A new bar code
Iain Griffiths is the co-founder of anti-waste punk pop-up Trash (fka Trash Tiki), Global Sustainability ambassador for Pernod Ricard and one of the bar industry’s most brilliant and alternative thinkers.
We had a chat with him on how the pandemic has affected the industry, current trends and the future of the bar industry.
How has the pandemic affected you personally, and the industry as a whole?
– Personally, I opened a new bar in Toronto in September together with the Trash-collective that we had to close in June. It’s been a challenging and emotional roller coaster to be honest. Looking at the industry as a whole, it has devastated us. In a global sense, we were one of the first industries to be told to shut down. And in a North American sense, we were given a huge degree of false hope – we were told that we were essential workers, but at the same time we weren’t allowed to operate normally. We were forced to make do with delivering cocktails and to-go-options. And financially that’s completely unsustainable. We’ve been given nothing to help us survive. Quite the opposite, the laws that we are forced to operate under are actually hurting us more than helping us.
Sustainability is one of your great passions, how has the sustainability work within the bar industry been affected by the pandemic?
– Environmental sustainability is still hugely important, our planet is in an incredible bad place. But the with reality of the pandemic, and the minorities and marginalized individuals that are fighting for recognition – we just want to be conscious about sustainability being a part of that conversation, but without taking up space. The majority of bars in North America have only been able to operate through home delivered cocktails – and all to-go cups are in plastic. It’s all about taking the pandemic seriously right now. No doubt, environmental sustainability within the bar industry has become a far more complicated issue within the pandemic.
No doubt, environmental sustainability within the bar industry has become a far more complicated issue within the pandemic
What’s happening in the bar industry right now? Can you see any trends?
– What has been amazing to see is the way our industry has adjusted in every possible manner. For one, we’ve found new ways to educate and invest online and the standards of how things look has tenfold. It used to be hideous! I probably have 20 friends who designed their bar logo in Microsoft paint. Also, I’m stoked to see a political agenda feeding into our industry. We’ve begun finding a larger purpose and talk about race, politics, gender equality etc.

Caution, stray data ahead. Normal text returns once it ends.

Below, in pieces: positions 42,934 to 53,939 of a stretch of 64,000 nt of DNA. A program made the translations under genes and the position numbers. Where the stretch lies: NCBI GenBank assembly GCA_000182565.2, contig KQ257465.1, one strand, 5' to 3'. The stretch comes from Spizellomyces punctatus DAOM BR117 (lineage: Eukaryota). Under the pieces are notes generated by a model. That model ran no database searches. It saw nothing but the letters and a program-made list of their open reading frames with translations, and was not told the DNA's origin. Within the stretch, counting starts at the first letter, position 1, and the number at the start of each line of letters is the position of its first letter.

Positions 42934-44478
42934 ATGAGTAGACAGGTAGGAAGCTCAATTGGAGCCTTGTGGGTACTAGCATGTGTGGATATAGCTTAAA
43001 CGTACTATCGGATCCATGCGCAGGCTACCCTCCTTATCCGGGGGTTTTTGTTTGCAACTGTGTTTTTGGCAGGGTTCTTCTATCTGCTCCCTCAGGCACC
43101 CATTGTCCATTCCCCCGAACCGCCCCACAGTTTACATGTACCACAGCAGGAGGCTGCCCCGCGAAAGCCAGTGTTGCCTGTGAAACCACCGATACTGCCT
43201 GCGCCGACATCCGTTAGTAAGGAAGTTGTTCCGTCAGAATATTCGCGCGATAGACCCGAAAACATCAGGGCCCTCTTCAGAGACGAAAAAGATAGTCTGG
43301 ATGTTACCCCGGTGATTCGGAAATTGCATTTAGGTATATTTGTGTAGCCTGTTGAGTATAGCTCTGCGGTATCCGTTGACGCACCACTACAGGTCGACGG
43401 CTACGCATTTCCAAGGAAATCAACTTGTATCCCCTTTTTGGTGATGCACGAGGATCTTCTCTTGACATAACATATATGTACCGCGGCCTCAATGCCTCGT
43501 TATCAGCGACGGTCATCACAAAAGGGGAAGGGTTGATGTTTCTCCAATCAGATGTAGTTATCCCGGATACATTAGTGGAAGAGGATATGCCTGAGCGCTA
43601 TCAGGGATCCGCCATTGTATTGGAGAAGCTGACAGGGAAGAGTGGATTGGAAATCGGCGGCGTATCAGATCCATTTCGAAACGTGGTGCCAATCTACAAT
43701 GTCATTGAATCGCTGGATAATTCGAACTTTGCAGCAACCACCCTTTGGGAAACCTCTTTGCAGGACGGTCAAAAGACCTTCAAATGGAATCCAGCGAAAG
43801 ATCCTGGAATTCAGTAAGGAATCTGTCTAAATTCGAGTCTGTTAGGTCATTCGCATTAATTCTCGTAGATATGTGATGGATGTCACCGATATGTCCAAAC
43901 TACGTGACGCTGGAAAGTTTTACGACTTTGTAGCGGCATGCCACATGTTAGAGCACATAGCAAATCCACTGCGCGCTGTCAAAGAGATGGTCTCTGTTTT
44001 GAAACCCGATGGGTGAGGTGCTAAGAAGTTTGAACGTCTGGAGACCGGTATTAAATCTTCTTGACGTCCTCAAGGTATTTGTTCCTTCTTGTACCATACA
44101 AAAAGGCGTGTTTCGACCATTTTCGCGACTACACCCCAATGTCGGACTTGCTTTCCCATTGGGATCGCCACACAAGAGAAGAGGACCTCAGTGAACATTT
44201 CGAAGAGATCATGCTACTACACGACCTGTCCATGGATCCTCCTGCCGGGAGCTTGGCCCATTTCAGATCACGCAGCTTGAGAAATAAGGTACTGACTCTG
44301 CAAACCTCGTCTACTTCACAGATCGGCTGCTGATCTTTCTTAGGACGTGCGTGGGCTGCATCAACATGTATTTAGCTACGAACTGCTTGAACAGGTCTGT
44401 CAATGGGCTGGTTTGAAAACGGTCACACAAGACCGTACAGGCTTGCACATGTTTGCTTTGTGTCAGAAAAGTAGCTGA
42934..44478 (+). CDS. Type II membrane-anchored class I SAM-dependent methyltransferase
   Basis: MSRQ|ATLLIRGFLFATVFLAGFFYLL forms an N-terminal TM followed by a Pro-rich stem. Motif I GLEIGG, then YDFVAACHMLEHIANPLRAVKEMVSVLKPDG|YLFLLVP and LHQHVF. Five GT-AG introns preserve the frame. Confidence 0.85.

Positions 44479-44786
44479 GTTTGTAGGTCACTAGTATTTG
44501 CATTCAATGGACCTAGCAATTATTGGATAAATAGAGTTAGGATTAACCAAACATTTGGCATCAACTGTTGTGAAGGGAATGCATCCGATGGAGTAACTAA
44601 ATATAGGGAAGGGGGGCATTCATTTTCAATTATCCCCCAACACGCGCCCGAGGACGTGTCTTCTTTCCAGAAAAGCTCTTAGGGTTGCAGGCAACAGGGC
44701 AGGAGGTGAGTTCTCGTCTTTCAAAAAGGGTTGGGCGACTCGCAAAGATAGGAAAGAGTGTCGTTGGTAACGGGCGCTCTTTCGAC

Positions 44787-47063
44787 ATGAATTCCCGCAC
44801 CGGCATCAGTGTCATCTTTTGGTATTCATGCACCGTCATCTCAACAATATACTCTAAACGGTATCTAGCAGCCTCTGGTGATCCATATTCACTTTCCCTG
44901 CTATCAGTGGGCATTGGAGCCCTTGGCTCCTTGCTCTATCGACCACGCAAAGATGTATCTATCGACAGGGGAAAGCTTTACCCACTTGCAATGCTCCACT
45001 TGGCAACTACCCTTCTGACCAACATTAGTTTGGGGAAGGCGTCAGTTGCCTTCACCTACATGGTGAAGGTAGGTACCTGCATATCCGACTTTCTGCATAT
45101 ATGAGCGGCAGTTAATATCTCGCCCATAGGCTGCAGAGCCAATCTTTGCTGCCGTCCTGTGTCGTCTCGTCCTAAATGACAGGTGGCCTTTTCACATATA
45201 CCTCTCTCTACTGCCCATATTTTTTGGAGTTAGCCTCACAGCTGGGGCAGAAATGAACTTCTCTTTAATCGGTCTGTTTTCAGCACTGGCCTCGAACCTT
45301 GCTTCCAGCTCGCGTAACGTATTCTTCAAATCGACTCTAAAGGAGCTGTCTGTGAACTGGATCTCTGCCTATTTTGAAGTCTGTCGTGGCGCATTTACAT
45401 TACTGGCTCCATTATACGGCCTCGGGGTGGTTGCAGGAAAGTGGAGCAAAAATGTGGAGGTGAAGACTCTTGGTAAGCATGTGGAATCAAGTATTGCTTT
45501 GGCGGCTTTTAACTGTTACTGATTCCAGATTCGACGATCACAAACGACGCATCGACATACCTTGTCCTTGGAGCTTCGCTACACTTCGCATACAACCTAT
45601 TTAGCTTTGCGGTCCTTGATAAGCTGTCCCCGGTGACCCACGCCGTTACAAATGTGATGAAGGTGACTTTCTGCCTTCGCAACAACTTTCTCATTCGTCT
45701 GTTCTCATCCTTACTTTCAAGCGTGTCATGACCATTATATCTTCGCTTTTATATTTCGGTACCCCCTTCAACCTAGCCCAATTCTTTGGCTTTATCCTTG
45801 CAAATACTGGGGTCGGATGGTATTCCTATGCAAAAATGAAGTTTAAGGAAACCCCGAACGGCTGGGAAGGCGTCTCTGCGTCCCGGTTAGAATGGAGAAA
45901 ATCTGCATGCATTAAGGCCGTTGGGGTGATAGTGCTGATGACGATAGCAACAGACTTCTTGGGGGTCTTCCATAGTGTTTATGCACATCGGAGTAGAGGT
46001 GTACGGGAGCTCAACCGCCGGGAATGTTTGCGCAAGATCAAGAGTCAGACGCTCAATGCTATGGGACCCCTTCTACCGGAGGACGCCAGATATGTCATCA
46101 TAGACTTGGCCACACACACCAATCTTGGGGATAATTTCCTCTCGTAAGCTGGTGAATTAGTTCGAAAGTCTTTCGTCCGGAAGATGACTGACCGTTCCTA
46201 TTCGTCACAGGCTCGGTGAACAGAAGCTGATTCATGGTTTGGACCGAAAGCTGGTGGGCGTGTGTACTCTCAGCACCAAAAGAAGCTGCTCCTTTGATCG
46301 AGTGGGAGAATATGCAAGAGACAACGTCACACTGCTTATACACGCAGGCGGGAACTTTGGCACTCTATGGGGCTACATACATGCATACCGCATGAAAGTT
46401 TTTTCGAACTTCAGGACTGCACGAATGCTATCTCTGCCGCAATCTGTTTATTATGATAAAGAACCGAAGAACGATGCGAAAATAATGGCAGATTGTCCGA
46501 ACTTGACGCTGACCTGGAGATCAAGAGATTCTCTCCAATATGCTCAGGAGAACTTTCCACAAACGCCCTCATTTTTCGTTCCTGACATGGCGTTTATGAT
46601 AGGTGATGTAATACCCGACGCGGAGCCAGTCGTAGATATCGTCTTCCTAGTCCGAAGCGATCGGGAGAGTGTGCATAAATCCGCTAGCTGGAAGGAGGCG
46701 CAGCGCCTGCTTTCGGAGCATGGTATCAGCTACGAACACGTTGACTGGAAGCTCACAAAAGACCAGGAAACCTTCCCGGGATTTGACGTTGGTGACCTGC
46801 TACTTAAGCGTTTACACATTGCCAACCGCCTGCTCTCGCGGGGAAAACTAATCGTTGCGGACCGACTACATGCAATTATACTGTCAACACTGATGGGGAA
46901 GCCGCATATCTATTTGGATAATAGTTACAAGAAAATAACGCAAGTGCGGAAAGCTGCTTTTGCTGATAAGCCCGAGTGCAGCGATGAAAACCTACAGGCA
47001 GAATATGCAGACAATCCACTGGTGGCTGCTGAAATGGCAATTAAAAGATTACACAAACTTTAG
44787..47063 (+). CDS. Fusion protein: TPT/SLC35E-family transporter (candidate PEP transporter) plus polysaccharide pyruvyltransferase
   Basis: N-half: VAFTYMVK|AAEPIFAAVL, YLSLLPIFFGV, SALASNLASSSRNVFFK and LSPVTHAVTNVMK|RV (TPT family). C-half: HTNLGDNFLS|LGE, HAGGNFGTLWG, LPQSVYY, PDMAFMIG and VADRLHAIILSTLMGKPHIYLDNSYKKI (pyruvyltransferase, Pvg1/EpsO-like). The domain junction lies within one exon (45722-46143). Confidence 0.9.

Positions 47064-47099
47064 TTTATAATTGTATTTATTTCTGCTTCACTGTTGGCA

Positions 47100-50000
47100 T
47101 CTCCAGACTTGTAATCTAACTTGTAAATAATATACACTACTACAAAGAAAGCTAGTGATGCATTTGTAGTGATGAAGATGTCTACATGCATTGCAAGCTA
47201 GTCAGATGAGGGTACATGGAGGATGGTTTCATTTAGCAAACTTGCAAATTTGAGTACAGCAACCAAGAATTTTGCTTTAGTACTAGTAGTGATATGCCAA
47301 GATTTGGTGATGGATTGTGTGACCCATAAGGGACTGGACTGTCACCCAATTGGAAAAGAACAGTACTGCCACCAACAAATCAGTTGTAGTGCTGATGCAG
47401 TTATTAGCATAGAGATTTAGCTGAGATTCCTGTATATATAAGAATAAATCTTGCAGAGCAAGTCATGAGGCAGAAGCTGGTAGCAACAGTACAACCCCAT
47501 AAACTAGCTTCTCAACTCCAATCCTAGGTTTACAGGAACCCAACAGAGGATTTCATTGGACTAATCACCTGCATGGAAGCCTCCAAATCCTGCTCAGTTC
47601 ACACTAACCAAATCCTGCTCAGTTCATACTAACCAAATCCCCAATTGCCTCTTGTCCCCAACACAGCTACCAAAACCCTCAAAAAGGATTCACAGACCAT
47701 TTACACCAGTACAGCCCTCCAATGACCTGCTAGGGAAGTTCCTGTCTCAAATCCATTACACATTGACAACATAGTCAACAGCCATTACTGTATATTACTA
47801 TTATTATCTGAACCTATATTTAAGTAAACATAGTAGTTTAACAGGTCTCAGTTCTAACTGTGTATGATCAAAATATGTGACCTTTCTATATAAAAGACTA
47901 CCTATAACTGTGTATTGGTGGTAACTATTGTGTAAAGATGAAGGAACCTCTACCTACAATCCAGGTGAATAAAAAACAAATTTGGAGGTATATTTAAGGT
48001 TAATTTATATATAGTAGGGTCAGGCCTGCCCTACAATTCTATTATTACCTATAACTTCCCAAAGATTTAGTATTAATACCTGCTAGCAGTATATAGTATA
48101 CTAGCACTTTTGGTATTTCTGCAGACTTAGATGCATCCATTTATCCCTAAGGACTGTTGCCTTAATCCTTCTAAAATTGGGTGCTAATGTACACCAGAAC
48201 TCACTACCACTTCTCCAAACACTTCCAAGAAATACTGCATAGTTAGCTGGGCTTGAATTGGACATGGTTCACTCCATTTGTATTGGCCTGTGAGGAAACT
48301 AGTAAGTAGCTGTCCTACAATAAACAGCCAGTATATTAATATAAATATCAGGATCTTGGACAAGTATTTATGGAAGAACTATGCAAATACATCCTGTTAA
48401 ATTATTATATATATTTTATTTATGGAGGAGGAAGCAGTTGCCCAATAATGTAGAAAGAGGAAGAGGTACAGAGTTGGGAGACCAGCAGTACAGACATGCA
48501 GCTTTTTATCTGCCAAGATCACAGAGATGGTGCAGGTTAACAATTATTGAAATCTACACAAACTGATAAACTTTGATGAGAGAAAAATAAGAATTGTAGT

What other trends do you foresee?
– I think we should take this moment of pause and self-reassessment to address the primary flaws in our industry and move forward in a clearer and different manner. I want to highlight three primary flaws; the first is the damaging language in bartending – the future is to find a better language and a better way to speak about ourselves, each other and the industry as a whole. Second is the expensive bartending consultancy which has created a big gap of inequity in the industry. Marginalized venue operators can’t afford consultancy which means they don’t get access to skills. Redistribution of finances and equity to marginalized groups will be key here. The third thing is that venue owners must become more equitable – both in terms of their staff, but also who they spend time with off work. It’s about fighting unconscious bias.
Want to hear more from Iain? Don’t miss his talk about “A Hospitality Career in 2021” on the Polish educational resource Barschool.pl’s FB page.